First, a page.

Updated at 3:30 p.m. on Nov. 24 to reflect continuing legislation.
Physician payments from Medicare would be made partially on a fee-for-service basis and partly as a fixed amount per patient, dependent on diagnostic and demographic factors.
How doctors are paid can influence the quality and efficiency of the care they provide. And proponents of partial capitation say the right mix might be its compromise between two extremes.
With traditional Medicare reimbursing providers for each service, the health care system is awash with stories of people getting surgery or diagnostic tests when a simple treatment would do. Doctors have little incentive to reduce their volume of services, even when they may be unnecessary. Additionally, the fee-for-service system doesn't compensate physicians for following up with patients, or coordinating care, outside of their offices. The American Medical Association has long favored an alternative to the fee-for-service system.
By contrast, a capitation system would pay the primary care physician a fixed amount for each patient. How much they're paid would be determined by the Centers for Medicare and Medicaid Services based on patients' demographic factors, such as age and geographic location, and diagnostic factors, such as type and severity of disease. For example, a physician treating a 25-year-old with Type 2 diabetes would receive different pay than one treating a 65-year-old with heart disease. Since the payment would not increase with the number of services provided, it's expected to motivate doctors to give the most efficient care possible.
Dr. Mandy Krauthamer, policy director of the advocacy group Doctors For America, said neither extreme helps doctors or patients. That's where partial capitation comes in.
"There's a lot of uncompensated work going on, so there has to be a component that goes beyond just fee-for service," said Krauthamer, who is also a practicing primary care physician. "But you don't want a situation where doctors have to be the one to take on all the risk of taking care of a patient. Asking someone to take on financial risk in a small practice is very concerning."
When managed care capitated systems gained popularity in the 1980s and '90s, it fell apart. Small practices had to shoulder the financial risk of especially sick patients and consumers feared their doctors would deny them services to cut costs. Meanwhile, customers found themselves without the ability to choose their doctors and specialists.
As a compromise, some have proposed a partial capitation system. Under the hybrid plan, Medicare would award 75 percent of a physician's pay on a FFS basis and the rest as a monthly capitation. Patients would be assigned to one care provider who would manage all of their services and receive the full payment. A similar partial capitation system is being considered in Massachusetts, where attention has turned to changing the fee-for-service system to cut costs.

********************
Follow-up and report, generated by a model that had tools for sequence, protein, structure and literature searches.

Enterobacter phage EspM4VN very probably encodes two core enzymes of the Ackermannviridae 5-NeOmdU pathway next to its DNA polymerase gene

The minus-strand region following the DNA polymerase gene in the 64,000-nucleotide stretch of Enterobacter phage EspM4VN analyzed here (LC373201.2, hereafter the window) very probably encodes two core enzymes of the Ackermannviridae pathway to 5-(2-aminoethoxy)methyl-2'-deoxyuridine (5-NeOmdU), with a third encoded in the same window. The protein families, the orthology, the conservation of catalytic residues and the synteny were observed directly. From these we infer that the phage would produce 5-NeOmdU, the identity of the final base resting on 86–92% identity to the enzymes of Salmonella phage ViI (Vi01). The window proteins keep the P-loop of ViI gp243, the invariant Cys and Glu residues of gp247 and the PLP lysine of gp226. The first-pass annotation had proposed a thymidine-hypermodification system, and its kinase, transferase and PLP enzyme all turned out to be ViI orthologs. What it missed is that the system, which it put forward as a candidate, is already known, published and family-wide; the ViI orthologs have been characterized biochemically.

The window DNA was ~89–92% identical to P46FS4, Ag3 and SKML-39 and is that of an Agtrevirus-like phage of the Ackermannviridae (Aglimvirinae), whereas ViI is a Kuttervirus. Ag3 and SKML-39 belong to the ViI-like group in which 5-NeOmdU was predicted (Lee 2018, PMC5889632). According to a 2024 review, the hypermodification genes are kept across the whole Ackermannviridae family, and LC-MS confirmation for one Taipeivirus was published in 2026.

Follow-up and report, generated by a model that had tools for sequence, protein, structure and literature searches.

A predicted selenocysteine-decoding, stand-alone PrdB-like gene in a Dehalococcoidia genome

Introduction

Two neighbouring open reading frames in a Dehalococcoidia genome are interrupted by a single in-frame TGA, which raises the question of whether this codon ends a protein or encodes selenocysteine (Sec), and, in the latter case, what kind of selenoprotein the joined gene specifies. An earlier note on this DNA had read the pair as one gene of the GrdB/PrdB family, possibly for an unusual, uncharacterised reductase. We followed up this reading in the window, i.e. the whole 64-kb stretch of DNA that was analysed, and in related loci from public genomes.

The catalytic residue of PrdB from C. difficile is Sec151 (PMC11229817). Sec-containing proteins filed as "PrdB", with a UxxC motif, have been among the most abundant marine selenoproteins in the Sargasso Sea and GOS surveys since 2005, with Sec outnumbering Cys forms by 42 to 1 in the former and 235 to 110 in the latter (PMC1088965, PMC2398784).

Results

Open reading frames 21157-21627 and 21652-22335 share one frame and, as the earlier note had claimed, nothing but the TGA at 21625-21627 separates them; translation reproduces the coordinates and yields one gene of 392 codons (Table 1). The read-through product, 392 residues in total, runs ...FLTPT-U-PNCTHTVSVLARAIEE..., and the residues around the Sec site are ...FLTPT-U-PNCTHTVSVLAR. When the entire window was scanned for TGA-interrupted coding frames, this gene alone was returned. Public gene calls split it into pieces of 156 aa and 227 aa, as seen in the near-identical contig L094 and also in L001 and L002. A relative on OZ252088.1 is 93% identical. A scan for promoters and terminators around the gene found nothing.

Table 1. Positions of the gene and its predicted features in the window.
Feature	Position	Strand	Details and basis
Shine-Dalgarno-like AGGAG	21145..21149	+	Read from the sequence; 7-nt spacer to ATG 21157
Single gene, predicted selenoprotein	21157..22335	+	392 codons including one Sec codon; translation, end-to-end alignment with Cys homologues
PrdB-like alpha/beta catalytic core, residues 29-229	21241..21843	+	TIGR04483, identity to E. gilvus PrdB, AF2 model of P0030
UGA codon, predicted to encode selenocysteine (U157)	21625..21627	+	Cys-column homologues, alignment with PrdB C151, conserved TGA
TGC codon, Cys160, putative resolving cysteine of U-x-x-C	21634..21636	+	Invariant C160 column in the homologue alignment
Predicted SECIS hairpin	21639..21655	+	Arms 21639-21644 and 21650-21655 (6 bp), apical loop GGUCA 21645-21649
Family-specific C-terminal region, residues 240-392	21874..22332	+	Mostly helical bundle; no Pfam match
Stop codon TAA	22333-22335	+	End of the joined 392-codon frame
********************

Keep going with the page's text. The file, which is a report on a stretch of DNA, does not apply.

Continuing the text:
Krauthamer sees partial capitation as a good compromise that provides enough compensation to not put physicians at risk as it encourages efficiency. Additionally, the plan helps physicians oversee more of their patients' care coordination.
"This is really moving toward a medical home," she said. "It's showing that if you can be more efficient, it's going to save money in the overall system and provide better care."
In its December 2008 report, the Congressional Budget Office estimated that a partial capitation system would save $1.2 billion by 2014 and $5.2 billion by 2019. Most of the savings would come by reducing the number of payments to other providers, since the primary physician would have most of the responsibility for patient care and referrals would be reduced. Other savings would come through prescribing generic medications and reducing unnecessary procedures.
Most Compatible With
To add incentive for hospitals, a partial capitation system would work well with proposals that reduce payments for high readmission rates. The system would also fit with medical homes. Some see this as a first step toward a medical home model because it places the responsibilities of managing the entire treatment in the hands of a primary care physician.
Both the House and Senate plan set up pilot programs to explore capitated payments, and the House bill encourages the secretary of Health and Human Services to further examine alternative payment methods, including capitation.